For the full Hebrew version of the text, go to the Biennale blog

The Glass Pavilion. Photo: Elad Sarig
The Glass Pavilion. Photo: Elad Sarig
The Glass Pavilion. Photo: Elad Sarig
The Glass Pavilion. Photo: Elad Sarig

Man and His Work Pavilion

The Man and His Work Pavilion is dedicated to the preservation of a disappearing local material culture. Thanks to the contemporary works featured in the display, it has been transformed into a sort of human beehive, in which artists from different cultures and backgrounds share their talents, skills, and creative visions. Some of the works examine the ways in which longstanding traditions can be revived, preserved, and integrated into contemporary reality. Others engage with the permanent exhibits and the early environmental approaches they reflect. Based on a recognition of the mutual dependence of all life on Earth, they promote a conscious, holistic approach for a sustainable, egalitarian future.

For the full Hebrew version of the text, go to the Biennale blog

Man and His Work Pavilion. Photo: Elad Sarig
Man and His Work Pavilion. Photo: Elad Sarig
Man and His Work Pavilion. Photo: Elad Sarig
Man and His Work Pavilion. Photo: Elad Sarig

Nehushtan Pavilion

The symbolic importance of the Nehushtan Pavilion, which is dedicated to the ancient copper mines at Timna, exceeds its historical context. The analogy between the pavilion and a womb reflects the ancient perception of the earth as a nourishing, womblike source, which produces precious metals that are vital to human development and prosperity. In this context, the act of mining is perceived as a means of using the treasures of the Earth to promote humanity.

For the full Hebrew version of the text, go to the Biennale blog

Nehushtan Pavilion. Photo: Elad Sarig
Nehushtan Pavilion. Photo: Elad Sarig
Nehushtan Pavilion. Photo: Elad Sarig
Nehushtan Pavilion. Photo: Elad Sarig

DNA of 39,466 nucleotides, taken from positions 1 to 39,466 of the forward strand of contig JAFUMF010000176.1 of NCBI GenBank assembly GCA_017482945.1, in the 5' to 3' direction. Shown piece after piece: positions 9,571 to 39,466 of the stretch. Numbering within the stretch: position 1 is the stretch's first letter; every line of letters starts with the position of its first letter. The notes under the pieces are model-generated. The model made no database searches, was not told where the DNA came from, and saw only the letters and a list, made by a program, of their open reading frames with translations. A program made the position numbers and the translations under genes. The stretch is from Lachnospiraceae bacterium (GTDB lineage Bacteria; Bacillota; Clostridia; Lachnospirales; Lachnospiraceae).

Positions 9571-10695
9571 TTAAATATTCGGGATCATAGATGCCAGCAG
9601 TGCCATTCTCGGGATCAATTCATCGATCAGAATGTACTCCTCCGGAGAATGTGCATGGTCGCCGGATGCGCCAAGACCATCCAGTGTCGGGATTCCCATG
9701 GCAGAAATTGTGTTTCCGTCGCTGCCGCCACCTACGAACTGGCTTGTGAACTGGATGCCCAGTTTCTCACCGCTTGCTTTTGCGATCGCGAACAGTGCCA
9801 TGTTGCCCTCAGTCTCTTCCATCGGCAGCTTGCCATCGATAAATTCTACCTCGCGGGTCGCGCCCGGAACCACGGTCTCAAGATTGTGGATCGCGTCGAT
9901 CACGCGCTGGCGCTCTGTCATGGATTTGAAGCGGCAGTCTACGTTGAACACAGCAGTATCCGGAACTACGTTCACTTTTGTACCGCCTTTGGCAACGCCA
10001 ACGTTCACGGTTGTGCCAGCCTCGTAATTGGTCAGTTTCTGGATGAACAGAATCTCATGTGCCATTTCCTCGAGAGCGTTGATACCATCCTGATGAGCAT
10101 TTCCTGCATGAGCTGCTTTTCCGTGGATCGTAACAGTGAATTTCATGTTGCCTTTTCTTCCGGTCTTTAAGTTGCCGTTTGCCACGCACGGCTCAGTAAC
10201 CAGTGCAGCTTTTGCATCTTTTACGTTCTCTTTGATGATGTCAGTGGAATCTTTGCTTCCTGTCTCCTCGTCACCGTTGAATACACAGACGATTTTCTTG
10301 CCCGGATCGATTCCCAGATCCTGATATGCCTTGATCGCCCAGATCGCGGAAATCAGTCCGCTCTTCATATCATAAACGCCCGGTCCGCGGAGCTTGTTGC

Outdoor Works

The museum’s open expanses host installations and sculptural or architectural works, which each form a distinct environment. These works explore the role of artists as a benevolent, active force taking a stance to promote a future world characterized by sustainability, equality, empathy and solidarity. They address a range of themes, including habitats, rest, and gathering; research, science, nature and biological diversity; works that change over time, and others concerned with sound, light and movement.

For the full Hebrew version of the text, go to the Biennale blog

Rinat Izhak, Alon Shikar, The Pink Islands, 2023. Photo: Elad Sarig
Rinat Izhak, Alon Shikar, The Pink Islands, 2023. Photo: Elad Sarig
Sasha Serber ,Ozymandias, 2023. Photo: Elad Sarig
Sasha Serber ,Ozymandias, 2023. Photo: Elad Sarig
iota, Tent, 2023. Photo: Elad Sarig
iota, Tent, 2023. Photo: Elad Sarig
Nobuya Yamaguchi, Metamorphosis, 2023. Photo: Elad Sarig
Nobuya Yamaguchi, Metamorphosis, 2023. Photo: Elad Sarig
Hani Khatib ,Looking the Sun in the Eyes, 2023. Photo: Elad Sarig
Hani Khatib ,Looking the Sun in the Eyes, 2023. Photo: Elad Sarig
Moshe Roas, Untitled (Hammock) 2018-2023. Photo: Elad Sarig
Moshe Roas, Untitled (Hammock) 2018-2023. Photo: Elad Sarig
Galia Hili Pasternak, 365 Days, 2023. Photo: Elad Sarig
Galia Hili Pasternak, 365 Days, 2023. Photo: Elad Sarig